other computed rocks are given in table 1. For computation we assumed complete fluid-saturation over
the entire diagram (fluid being pure H2O). Oxygenfugacities are similar to those reported for the experiments (QFMCalcvs. QFMExp in Liu et al. (1996),
IMRCalc vs. NNOExp in Poli (1993)). Figures 2 and 3
show the computed phase relations, with the location of phases of interest outlined by different patterns and lines. Experimental data points, labelled
with the observed experimental assemblage, are
added for comparison. Note that calculated phase
relations at temperatures above ca. 700-750˚C must
be considered with caution, because a melt phase
may be present at these conditions (at 800˚C in the
experiment of Liu et al. (1996)). At low melt fractions, however, calculated phase relations do not
differ much from that of the melt bearing systems
(except for the melt phase itself).
Overall, agreement between experimental data and
computed phase relations is reasonable, but several
discrepancies are notable: (A) Chloritoid is not computed for either of the two studied compositions, in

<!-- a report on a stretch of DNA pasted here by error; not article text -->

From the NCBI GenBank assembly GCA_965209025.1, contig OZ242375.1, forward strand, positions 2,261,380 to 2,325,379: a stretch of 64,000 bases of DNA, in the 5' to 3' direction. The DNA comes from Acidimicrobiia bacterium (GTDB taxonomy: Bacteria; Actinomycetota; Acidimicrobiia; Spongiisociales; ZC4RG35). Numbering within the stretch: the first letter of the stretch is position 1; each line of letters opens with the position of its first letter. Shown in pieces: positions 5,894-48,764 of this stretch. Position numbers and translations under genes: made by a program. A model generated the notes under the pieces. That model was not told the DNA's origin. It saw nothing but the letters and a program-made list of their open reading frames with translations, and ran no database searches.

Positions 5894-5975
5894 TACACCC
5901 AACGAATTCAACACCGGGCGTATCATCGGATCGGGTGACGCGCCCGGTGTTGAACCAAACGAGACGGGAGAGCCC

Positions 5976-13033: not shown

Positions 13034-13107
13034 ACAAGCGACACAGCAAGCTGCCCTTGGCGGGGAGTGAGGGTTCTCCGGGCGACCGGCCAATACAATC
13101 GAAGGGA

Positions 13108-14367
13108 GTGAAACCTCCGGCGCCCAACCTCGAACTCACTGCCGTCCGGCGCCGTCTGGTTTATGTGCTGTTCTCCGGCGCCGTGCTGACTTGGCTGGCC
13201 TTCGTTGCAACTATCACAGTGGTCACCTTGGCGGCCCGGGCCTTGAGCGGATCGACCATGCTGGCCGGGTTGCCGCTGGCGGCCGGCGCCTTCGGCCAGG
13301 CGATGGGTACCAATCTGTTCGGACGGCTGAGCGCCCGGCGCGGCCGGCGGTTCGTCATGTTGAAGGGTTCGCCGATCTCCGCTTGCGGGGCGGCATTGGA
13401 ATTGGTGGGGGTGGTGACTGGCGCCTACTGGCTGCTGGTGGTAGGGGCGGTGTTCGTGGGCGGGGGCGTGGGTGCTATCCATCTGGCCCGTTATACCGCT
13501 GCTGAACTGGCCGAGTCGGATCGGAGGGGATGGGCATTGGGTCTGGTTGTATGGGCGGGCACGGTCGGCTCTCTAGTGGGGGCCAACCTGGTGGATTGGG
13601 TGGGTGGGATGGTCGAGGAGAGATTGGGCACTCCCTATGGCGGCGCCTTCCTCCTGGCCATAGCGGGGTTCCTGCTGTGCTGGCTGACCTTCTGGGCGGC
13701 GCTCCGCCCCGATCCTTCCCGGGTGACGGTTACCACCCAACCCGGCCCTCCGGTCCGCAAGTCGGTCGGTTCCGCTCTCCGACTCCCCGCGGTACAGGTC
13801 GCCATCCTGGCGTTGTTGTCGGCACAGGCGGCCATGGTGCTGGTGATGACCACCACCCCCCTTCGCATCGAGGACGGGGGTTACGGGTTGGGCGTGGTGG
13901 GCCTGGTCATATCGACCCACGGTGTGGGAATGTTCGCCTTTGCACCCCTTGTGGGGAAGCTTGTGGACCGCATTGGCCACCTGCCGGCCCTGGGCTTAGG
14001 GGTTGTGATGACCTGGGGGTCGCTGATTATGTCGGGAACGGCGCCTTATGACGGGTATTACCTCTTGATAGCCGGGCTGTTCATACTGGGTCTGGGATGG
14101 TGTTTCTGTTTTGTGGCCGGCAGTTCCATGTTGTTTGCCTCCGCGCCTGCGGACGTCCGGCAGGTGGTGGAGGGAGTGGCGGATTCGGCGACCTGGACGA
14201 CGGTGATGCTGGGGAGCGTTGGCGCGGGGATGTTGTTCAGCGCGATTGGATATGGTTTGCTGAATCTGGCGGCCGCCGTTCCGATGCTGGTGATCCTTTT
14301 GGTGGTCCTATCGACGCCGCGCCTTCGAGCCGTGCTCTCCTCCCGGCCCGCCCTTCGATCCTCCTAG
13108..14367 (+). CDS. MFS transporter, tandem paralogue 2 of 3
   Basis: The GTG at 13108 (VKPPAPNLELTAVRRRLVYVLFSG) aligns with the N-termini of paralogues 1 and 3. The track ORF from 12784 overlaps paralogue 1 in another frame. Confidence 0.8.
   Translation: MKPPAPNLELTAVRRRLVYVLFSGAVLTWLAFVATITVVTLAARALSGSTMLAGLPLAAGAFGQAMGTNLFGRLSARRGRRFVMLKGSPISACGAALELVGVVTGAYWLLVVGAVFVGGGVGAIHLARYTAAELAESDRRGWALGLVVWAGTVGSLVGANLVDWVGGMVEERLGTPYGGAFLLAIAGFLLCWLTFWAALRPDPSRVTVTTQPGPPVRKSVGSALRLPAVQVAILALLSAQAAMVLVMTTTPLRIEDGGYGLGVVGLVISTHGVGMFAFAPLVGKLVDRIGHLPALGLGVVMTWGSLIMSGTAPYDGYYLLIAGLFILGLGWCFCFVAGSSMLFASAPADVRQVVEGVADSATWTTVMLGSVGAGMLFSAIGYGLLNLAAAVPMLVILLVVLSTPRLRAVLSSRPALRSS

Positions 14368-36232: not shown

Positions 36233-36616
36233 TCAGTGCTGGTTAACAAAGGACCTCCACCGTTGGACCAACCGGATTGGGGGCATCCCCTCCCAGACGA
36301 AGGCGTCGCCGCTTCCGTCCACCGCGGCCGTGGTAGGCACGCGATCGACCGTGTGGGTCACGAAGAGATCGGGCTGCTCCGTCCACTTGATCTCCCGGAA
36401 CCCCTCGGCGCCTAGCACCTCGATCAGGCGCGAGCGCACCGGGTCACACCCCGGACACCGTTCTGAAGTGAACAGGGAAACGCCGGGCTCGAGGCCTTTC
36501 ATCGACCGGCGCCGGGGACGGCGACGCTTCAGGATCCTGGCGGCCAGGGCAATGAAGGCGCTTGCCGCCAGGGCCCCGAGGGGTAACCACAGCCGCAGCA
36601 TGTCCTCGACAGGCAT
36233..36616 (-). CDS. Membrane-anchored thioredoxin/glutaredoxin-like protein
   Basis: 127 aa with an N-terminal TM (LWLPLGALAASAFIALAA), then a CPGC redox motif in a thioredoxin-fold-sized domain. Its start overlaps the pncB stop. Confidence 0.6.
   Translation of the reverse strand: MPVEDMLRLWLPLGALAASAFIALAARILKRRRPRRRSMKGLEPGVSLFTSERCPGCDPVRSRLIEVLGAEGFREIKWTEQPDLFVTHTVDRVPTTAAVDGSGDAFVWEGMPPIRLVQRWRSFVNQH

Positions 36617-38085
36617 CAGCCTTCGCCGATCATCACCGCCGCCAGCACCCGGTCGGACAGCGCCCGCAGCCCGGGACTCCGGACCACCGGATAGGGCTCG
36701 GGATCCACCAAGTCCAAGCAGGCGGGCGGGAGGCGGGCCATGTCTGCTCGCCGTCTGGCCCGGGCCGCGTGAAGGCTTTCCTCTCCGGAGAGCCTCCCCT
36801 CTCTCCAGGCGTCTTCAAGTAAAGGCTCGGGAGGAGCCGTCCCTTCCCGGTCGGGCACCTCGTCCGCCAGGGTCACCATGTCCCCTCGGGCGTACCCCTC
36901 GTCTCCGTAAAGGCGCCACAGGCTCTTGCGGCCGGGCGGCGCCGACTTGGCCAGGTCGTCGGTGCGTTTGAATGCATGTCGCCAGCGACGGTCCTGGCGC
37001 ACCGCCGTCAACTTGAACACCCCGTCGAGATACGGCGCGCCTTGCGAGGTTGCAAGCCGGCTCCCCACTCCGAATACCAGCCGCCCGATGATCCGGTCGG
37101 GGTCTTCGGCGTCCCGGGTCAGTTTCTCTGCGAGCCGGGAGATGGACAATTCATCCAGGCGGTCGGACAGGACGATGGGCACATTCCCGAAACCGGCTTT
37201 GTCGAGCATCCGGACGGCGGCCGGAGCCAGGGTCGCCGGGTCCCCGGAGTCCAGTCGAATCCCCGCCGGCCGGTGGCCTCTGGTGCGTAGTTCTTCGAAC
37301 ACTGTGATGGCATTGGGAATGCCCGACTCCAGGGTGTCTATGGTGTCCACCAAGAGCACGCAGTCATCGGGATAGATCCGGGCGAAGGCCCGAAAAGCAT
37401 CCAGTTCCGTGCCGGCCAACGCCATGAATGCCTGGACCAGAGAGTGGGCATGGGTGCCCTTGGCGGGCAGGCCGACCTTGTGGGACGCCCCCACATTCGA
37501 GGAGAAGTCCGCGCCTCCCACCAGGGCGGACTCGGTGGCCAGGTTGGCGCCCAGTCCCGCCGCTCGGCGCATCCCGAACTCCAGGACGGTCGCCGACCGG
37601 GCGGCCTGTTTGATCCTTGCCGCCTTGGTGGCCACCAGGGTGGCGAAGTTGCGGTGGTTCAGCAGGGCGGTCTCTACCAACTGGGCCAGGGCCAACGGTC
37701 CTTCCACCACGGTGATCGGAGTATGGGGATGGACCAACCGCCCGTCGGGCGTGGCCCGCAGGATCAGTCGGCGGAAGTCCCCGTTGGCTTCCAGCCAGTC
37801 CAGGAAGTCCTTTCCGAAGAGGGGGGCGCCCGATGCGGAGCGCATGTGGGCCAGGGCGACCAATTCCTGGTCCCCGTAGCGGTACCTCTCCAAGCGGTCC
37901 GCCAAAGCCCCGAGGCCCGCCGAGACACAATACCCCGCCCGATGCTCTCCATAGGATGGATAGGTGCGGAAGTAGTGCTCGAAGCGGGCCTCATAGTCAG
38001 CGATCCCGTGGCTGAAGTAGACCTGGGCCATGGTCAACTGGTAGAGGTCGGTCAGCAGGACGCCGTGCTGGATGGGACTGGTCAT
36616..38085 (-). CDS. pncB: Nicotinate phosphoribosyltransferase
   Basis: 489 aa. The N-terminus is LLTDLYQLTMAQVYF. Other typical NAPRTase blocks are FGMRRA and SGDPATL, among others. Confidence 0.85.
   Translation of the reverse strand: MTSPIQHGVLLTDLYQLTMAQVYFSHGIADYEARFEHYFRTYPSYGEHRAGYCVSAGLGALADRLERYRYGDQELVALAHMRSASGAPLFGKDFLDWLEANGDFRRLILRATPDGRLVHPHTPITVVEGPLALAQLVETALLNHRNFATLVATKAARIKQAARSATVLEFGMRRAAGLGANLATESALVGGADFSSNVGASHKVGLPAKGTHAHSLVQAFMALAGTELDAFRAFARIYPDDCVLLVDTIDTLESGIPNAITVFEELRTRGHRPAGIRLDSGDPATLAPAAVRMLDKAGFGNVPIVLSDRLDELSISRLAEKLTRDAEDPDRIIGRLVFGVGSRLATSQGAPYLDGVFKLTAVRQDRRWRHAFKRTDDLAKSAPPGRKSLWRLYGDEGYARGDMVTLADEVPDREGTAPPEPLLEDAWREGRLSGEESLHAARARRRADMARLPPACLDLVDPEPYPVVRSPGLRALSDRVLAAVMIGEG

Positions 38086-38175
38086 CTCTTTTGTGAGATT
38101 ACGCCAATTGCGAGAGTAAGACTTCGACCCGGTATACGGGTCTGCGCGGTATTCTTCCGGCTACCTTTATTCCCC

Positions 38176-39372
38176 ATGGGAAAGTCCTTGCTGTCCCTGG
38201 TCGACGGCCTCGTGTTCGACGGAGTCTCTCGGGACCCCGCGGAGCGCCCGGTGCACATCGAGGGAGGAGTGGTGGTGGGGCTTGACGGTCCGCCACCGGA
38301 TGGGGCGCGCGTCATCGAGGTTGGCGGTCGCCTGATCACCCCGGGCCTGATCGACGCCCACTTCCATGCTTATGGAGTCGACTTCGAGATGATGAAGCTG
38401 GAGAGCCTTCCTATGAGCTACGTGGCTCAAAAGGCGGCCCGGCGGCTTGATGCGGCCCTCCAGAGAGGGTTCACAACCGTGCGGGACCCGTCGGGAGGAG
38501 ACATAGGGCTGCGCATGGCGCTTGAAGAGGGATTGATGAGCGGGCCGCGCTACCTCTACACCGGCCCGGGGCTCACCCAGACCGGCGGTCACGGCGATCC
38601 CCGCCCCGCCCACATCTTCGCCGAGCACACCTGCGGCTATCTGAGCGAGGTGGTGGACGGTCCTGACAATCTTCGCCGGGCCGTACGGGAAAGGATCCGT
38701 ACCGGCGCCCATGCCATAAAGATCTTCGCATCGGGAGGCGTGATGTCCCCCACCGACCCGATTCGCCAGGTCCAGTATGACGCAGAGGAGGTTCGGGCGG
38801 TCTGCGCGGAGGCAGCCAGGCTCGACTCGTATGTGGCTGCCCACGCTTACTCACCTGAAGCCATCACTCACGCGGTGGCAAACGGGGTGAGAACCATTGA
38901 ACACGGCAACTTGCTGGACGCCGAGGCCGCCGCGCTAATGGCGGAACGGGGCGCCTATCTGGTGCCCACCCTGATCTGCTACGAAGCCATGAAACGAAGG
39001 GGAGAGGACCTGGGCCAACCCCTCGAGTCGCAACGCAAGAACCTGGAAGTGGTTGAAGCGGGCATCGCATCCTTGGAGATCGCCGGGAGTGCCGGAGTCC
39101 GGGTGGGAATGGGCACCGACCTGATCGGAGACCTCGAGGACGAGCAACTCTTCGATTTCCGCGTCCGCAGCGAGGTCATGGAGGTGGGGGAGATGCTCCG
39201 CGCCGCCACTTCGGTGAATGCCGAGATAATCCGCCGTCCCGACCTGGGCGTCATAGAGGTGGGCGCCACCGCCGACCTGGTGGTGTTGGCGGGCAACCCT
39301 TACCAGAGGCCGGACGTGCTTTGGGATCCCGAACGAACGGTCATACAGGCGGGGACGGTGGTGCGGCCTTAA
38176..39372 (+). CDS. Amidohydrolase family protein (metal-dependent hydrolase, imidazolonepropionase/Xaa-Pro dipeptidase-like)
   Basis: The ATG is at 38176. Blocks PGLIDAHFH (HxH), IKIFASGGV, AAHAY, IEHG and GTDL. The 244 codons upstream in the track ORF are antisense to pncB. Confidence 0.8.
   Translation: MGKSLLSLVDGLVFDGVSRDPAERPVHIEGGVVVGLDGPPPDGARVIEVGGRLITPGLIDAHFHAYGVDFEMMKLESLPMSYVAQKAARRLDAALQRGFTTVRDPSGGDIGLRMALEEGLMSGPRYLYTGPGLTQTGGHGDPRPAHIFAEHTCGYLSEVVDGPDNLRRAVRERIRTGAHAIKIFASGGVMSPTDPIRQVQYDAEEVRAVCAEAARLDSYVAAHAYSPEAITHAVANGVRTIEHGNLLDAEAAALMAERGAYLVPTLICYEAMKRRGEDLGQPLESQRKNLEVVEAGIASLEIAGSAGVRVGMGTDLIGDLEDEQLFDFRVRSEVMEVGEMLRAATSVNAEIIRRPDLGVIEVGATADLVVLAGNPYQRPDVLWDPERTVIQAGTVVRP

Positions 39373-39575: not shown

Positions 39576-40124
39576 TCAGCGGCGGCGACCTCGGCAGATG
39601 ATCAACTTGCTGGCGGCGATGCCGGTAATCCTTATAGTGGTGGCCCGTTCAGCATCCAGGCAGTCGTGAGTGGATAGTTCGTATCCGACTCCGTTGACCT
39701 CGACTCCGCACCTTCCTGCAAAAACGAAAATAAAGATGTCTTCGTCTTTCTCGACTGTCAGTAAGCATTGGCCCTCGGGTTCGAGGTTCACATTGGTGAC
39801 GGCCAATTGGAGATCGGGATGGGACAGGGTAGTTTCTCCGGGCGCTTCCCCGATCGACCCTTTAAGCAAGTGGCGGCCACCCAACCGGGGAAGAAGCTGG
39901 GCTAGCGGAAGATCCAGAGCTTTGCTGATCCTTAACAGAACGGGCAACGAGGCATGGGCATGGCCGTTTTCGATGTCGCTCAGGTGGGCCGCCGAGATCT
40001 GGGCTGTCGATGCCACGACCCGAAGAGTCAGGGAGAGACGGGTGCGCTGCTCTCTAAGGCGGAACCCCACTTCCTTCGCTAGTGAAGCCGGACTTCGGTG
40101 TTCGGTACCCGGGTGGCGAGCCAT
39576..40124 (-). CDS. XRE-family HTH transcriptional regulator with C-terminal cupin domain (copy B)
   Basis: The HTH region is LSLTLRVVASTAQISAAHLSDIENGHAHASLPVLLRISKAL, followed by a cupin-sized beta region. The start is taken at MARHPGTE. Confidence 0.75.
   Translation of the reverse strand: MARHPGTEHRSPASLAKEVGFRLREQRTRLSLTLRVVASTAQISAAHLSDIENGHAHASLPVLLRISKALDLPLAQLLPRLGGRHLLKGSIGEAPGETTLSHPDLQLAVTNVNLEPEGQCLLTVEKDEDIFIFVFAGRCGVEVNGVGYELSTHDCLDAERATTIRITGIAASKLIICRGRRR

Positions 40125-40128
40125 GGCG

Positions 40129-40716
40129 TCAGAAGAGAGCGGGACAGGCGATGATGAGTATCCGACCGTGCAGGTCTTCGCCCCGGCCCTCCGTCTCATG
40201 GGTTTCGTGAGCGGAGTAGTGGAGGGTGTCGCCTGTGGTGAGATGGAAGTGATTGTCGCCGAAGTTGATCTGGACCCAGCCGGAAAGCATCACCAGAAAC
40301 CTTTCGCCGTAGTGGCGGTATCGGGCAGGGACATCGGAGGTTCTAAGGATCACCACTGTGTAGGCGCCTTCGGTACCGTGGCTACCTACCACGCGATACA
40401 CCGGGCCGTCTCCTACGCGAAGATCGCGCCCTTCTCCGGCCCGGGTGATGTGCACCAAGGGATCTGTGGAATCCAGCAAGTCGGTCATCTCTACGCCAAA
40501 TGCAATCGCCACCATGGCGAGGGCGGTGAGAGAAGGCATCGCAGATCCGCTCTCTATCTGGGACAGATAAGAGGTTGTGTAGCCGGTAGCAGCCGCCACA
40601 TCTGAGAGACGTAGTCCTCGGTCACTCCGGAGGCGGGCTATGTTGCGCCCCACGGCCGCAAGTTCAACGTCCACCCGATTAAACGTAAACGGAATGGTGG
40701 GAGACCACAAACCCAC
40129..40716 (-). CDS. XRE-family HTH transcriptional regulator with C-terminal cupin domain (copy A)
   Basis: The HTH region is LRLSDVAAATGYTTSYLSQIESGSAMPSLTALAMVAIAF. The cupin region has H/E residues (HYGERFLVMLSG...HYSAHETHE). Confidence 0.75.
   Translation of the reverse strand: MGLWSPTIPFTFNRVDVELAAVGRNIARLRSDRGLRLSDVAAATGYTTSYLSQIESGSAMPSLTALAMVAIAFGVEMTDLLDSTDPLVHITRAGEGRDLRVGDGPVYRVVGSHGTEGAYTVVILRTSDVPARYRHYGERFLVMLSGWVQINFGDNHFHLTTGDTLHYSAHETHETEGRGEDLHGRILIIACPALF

contrast to the experimental results. We note, however, that chloritoid present in the experiment of Liu
et al. (1996) is considered as metastable by the authors. Stable chloritoid, as obtained in the experiment of Poli (1993), was again not predicted. Instead
excess alumina is attributed to kyanite rather than
Sample
SiO2 wt.%
TiO2 wt.%
Al2O3 wt.%
FeTot wt.%
MnO wt.%
MgO wt.%
CaO wt.%
Na2O wt.%
K2O wt.%
P2O5 wt.%
SUM wt.%
Ba ppm
Cr ppm
Cu ppm
Nb ppm
Ni ppm
Pb ppm
Rb ppm
Sr ppm
V ppm
Y ppm
Zn ppm
Zr ppm
Poli
52.38
16.93
11.43
7.13
10.05
3.21
101.13
n.d.
n.d.
n.d.
n.d.
n.d.
n.d.
n.d.
n.d.
n.d.
n.d.
n.d.
n.d.
FeTot calculated as Fe2O3
86
Liu
50.1
1.25
14.8
13.89
0.22
7
11.1
2.57
0.14
101.07
n.d.
n.d.
n.d.
n.d.
n.d.
n.d.
n.d.
n.d.
n.d.
n.d.
n.d.
n.d.
TN307
53.24
0.74
22.25
8.0663
0.11
2.32
0.55
0.76
5.34
n.d.
93.38
n.d.
n.d.
n.d.
n.d.
n.d.
n.d.
n.d.
n.d.
n.d.
n.d.
n.d.
n.d.
chloritoid. As a test we varied the symmetric
Margules term of the molecular chloritoid solution
model (+1000 J in HP98). A relatively small Margules
term of -20 kJ was adequate to reproduce the experimental data. (B) Neither zoisite nor epidote occurred in the experiments of Liu et al. (1996), in line